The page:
(Reuters) - Communist Laos has issued a decree outlawing online criticism of policies of the ruling party or government, state media reported, the latest Southeast Asian country to enact strict internet controls.
According to legislation approved by Prime Minister Thongsing Thammavong last week, web users will face criminal action for spreading “false” information aimed at discrediting the government, the official KPL news agency said.
It added users must also use their real names when setting up social media accounts.
Internet service providers could face action for making “available conditions” for any individual or group that had intentions of “tarnishing the party and government’s guidelines and policy”, KPL said.
The decree comes as cellphone and internet usage climbs in tandem with economic growth, a reduced poverty rate and greater electricity access in the country of 6.4 million people.
The new laws bear similarities to those of its Communist neighbor Vietnam, which commands strong influence over Laos and has a near identical political system.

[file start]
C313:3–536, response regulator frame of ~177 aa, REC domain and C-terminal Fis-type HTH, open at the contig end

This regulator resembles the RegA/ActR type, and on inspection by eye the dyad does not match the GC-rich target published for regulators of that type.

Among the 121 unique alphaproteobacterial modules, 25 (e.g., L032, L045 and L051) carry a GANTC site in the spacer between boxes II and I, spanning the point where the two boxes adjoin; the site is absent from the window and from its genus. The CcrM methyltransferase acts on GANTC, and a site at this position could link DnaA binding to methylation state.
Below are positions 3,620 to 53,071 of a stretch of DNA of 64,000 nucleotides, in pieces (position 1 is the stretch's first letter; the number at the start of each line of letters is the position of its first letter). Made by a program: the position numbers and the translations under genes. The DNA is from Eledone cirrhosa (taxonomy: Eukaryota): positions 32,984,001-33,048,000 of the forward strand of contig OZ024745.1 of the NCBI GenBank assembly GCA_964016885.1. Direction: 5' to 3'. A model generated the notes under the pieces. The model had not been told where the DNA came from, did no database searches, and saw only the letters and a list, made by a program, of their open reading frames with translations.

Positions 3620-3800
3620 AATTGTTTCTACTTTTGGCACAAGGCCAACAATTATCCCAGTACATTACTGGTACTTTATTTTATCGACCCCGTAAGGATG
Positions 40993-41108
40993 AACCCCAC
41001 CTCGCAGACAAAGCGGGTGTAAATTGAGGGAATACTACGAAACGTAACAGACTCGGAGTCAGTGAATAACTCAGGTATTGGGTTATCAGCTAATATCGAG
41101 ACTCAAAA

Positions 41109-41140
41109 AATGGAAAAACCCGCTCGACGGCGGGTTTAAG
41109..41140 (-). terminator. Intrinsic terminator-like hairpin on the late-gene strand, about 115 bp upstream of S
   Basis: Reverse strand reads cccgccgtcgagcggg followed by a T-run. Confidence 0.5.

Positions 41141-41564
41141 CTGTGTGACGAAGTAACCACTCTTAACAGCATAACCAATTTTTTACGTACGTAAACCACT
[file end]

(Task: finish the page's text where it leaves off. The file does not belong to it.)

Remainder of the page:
Vietnam announced a cyber decree last year that drew condemnation from a coalition of internet firms, among them eBay, Facebook, Google and Yahoo.
Vietnam has taken a tough stand on government critics, jailing dozens of bloggers and activists for spreading “anti-state propaganda” on the internet in what rights groups say are fear tactics aimed at discouraging dissent.
Thailand has closed hundreds of thousands of websites and jailed people who have used the internet to post critical comments about its monarchy under its 2007 Computer Crimes Act.
The Lao decree bans “disseminating or circulating untrue information for negative purposes against the Lao People’s Revolutionary Party and the Lao government, undermining peace, independence, sovereignty, unity and prosperity of the country,” according to KPL.
It also banned uploading of pornography or “inappropriate” photographs and said pseudonyms must not be used.
Punishments range from warnings to fines and unspecified criminal action.
Reporting by Martin Petty in Hanoi; Editing by Jeremy Laurence